I noticed something tonight that is bugging me. I noticed that I rarely see people. They are all around me, and I am looking, but I don’t see them. What I see is them seeing me. I think maybe I have read this before, or heard of something like it, but I can’t remember where. All I know is that that is the essence of the “meta-self.” The metaself (“meta-me”) is not the person living out my experiences, going to my job, playing with my kids, living my life. Meta-me is the one who stands above and beyond it all — watching. Meta-me is the director of the drama I am in. “Look this way. Do this. Do that. Don’t do this. Don’t say that.” Meta-me is critical and hard to please. Meta-me hates mistakes. But most of all, meta-me hates being noticed, so meta-me never walks onstage. Meta-me has no bullhorn or anything else to announce his presence. That little earpiece works just fine. The earpiece assures I hear everything meta-me has to say, and follow his every direction.
Meta-me saves my life. Meta-me keeps me from having to tell the truth. Without meta-me I’d have to say the following things. 1. I hope you are looking at me right now. 2. I hope you are thinking about me right now. 3. I hope you are impressed by me right now. 4. I hope I stand out vividly on the canvas of your mind against all others. Right now. 5. I hope I am the most valuable person you have ever met. Forever.
Meta-me helps me act as if I do not think those things. Meta-me helps me to act humble and self-effacing. Sometimes I’m pretty good at it, and then I’m especially pleased with myself.
Meta-me watches everything I do. I’m not sure if he likes me. And I’m not sure what’s in this for him. I know he’s not getting paid for it, at least not with money. But he spends a great deal of time telling me what to do, say, and think, and for only one reason — so that I do not have to let others know who I am. That is why when I write I am determined to be honest. When I write I try not to listen to meta-me, who says to me, “Don’t write that — what will people think of you?” Writing is my way of sitting in the director’s chair once in a while.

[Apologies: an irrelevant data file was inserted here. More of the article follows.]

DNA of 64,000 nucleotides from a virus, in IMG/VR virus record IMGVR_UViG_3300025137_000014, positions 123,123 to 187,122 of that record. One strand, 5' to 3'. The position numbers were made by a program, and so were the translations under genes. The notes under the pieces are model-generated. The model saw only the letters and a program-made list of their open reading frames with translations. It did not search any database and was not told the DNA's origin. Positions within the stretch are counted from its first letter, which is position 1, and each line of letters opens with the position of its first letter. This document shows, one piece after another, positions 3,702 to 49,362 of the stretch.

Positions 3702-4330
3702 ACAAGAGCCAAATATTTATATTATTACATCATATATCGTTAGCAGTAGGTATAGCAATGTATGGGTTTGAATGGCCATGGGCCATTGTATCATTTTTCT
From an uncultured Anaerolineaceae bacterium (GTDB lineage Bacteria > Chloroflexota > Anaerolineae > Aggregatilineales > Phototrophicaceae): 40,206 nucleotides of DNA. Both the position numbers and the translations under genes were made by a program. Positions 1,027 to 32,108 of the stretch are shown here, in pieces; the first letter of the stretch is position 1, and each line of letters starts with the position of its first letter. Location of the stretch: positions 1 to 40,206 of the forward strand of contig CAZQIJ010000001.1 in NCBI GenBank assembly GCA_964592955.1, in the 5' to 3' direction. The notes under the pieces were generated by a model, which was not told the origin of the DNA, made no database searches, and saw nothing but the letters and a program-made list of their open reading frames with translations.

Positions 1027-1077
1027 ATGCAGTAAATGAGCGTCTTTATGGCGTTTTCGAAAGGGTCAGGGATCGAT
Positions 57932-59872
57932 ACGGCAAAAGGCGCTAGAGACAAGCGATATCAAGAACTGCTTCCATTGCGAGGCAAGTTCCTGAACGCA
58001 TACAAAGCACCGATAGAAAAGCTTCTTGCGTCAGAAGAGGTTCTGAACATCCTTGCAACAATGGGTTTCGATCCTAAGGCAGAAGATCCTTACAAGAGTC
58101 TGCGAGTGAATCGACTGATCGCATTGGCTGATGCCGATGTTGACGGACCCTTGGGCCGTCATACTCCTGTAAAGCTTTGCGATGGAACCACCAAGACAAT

God I know you are there. I know you save people from all kinds of things. Save me from myself. Help me to learn what it feels like to look at someone without seeing myself back through their eyes — to just see them, to just love them, not for how loving that will make me look, but because they are Yours.
I don’t need you to kill meta-me. I just need you to put him out of business, by turning me into a person who loves selflessly, who thinks more of others than of myself, who would never consider myself better than anyone else. You have a big job to do.
Having said all this, I like who I am — today more than ever before. I’m probably still cocky sometimes, but not like before. I love better than I used to. And I can’t help it that I find it almost unbearable to really get close to people. As hard as it is to love, it’s even harder to accept love from others. Meta-me is never more bossy than when I’m around friends and people I love who, most likely, love me too.
And tomorrow I’ll probably read this and think to myself, “Dude, lighten up.”